Multiple units however, are a different matter, but I don't think they fit into Hornby's psyche . The 4-VEP was a half-hearted attempt and they haven't made any effort to update the 156 or 142 or 101, leaving them to others. The 2-BIL, although not in my modelling period, had mixed reviews with it's design clever approach. 

 

 

I'm buying my first Hattons 66 as I particularly like the livery on 66789 and when it was announced, the Bachmann or Hornby version wasn't on the scene. Not that I would purchase a Hornby 66 - sorry SK! Yes, I am capable of repainting a Bachmann 66 to a reasonable standard, but why would I do so, when I can obtain a factory finish for less than the time, effort and decals that it would cost me (I have limited spare time at the moment, so cost and prioritisation of it it is a factor)

 

IMO - Bachmann will be the biggest losers in the battle of the 66s.

 

Cheers,

Mick

 

 

Just for clarity, Repeating the 2000 exercise is not to replace tender drives nor any other loco. It is to find out what the market wants now. It is not a simple exercise of which loco but rather complex exercise to determine the spec, make proposals etc. Telephone companies no longer provide just lease lines, they branched in selling TV as well. Maybe Hornby could look at VR or follow the Accurscale route of extreme high fidelity or something else. Or it can be simple questions on quality vs price. Demonstrating what end of the scale means.

If you don,t do this, you end up producing things no one wants.

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2 hours ago, jjb1970 said:

(Snip) Regardless of their own plans there is no way that they can fill the gap for their retail operations if they ended up losing both Bachmann and Hornby and I think they'd hemorrhage business to competitors. 

 

Not necessarily, they’d still have the option of buying via a wholesaler. No where near as profitable, but it would continue the supply chain, and the wholesale outfit would do very nicely. And then possibly the wholesalers become another competitor if they commissioned products!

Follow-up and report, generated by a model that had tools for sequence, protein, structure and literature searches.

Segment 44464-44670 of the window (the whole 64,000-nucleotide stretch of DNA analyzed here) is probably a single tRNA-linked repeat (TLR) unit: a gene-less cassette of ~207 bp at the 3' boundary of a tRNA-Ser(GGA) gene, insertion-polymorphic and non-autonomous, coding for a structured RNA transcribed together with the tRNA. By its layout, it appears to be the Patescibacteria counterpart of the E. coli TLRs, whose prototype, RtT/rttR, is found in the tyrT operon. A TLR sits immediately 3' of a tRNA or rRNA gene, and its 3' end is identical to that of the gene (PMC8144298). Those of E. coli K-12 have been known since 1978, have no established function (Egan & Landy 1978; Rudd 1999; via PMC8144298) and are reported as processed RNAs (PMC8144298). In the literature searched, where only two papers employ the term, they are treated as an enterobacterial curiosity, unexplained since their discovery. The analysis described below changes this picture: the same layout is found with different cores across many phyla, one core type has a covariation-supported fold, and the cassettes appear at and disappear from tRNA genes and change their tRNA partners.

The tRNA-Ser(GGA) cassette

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Posted (edited)
2 hours ago, jjb1970 said:

Regardless of their own plans there is no way that they can fill the gap for their retail operations if they ended up losing both Bachmann and Hornby and I think they'd hemorrhage business to competitors. 

 

Edited by Roddy Angus
Sorry, I misunderstood the quote.

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16 hours ago, Captain Kernow said:

Yes, I do understand where you are coming from, but whatever happened to the concept of imagination?

 

We may be looking at AR in that way because we're trying to fit into what we already know- which we all do with new technology e.g. horseless carriage, measuring engine output in terms of horses. motion pictures and so on.

Imagination is what will allow us to do new things with it that we'd not already thought of.

 

I was definitely falling into that trap by thinking in terms of walking passengers,  etc. augmenting what you are seeing rather than adding different informatino. You could for example look at a wagon in the yard and see its waybill and destination etc. something a shunter in real life would have seen posted on the wagon but modellers have to do separately (viz all those waybill boxes by the side of American layouts) You might point at the signalbox and see a live display of the block instruments. An exhibition  visitor might look at a loco and see the history of that particilar loco in reality (A bit like second screening when you see something in a TV programme and Google it on your tablet)  I'm sure you can think of other possibilities.